Issue Date: April 21, 2008
Nanocomposite Strategy Eliminates Matrix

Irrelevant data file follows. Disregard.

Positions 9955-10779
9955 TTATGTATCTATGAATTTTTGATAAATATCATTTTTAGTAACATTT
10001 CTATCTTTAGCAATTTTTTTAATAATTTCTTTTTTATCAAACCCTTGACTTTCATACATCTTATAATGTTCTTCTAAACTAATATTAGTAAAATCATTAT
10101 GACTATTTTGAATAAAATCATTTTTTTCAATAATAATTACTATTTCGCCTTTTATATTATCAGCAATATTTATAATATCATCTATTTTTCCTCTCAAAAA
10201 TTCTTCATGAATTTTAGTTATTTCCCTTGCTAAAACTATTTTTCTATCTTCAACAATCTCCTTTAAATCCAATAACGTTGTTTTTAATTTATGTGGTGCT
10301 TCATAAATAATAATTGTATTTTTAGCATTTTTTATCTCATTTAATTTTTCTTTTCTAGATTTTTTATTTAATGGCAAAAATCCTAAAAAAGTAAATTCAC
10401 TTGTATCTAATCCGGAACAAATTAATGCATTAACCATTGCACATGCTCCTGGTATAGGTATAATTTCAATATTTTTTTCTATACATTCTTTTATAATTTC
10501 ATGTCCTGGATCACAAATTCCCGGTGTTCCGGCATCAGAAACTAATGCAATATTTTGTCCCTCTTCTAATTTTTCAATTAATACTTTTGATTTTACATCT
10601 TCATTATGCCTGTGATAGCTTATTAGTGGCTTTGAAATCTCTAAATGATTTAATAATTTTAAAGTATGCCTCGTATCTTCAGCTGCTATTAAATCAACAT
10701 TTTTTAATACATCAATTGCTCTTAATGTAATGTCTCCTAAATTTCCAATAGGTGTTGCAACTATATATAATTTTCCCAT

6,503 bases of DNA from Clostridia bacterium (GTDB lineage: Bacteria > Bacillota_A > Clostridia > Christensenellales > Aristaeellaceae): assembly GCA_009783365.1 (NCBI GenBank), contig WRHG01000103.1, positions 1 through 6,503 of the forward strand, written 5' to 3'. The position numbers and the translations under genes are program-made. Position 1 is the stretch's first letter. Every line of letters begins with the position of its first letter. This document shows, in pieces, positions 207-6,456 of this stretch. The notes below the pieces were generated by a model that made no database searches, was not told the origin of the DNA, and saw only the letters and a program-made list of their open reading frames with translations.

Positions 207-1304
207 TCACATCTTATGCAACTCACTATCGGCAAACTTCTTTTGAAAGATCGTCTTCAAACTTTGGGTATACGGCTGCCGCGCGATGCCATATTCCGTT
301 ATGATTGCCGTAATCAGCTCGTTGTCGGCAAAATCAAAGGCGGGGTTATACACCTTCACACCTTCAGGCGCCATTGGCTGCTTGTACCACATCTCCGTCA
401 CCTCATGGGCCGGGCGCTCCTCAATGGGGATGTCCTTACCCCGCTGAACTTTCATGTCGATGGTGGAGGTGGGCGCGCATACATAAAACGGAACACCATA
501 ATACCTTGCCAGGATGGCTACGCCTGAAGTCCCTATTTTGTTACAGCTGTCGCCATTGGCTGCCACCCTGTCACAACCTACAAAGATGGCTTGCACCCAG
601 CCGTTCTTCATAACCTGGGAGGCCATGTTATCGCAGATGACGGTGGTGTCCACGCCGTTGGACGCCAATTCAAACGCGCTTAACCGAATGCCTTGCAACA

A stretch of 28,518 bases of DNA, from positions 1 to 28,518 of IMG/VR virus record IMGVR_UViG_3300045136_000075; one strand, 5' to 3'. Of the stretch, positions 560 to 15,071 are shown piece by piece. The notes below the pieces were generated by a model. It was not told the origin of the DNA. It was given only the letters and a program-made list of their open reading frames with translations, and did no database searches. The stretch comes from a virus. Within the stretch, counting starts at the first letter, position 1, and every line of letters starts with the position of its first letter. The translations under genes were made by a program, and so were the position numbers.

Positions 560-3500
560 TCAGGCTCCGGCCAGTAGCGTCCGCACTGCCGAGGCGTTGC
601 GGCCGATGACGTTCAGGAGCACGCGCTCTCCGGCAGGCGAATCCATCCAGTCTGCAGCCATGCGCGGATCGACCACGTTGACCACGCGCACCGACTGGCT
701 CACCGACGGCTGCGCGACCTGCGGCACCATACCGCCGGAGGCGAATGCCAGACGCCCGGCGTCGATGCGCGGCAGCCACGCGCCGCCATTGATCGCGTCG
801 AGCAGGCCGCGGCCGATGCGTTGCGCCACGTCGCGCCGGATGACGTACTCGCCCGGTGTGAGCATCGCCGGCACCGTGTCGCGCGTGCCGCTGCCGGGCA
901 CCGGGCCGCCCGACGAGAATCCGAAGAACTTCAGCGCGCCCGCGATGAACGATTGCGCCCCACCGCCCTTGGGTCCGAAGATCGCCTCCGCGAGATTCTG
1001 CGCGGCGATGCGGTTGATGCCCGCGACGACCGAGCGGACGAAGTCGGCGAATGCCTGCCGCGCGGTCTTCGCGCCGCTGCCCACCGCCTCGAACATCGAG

The narrow spectral width and high quantum efficiency of lanthanide spectral emission make rare-earth-doped nanocrystals good candidates for optical materials. Making composite materials with such nanoparticles requires carefully matching the properties of the particles themselves with those of the surrounding matrix material. Even with well-matched materials, problems can arise when the nanoparticle loading gets too high. Clemson University scientists John Ballato, Jeffrey R. DiMaio, and Baris Kokuoz propose a solution to this problem: They use nanoparticles (often themselves nanocomposites) that carry their own matrix (J. Am. Chem. Soc., DOI: 10.1021/ja800093p). The researchers suggest that organic ligands on the surface of nanoparticles can be cross-linked and thus function as the host material in a nanocomposite. They call their materials omnicomposites because they are formed entirely of composite nanoparticles. They demonstrated their idea using LaF3 nanoparticles with trifluororvinyl ether ligands on the surface. The nanoparticle loading in the omnicomposite is nearly 80% by weight. The stability of the omnicomposite is similar to that of traditional nanocomposites, but the omnicomposite's emission intensity is eight times higher.
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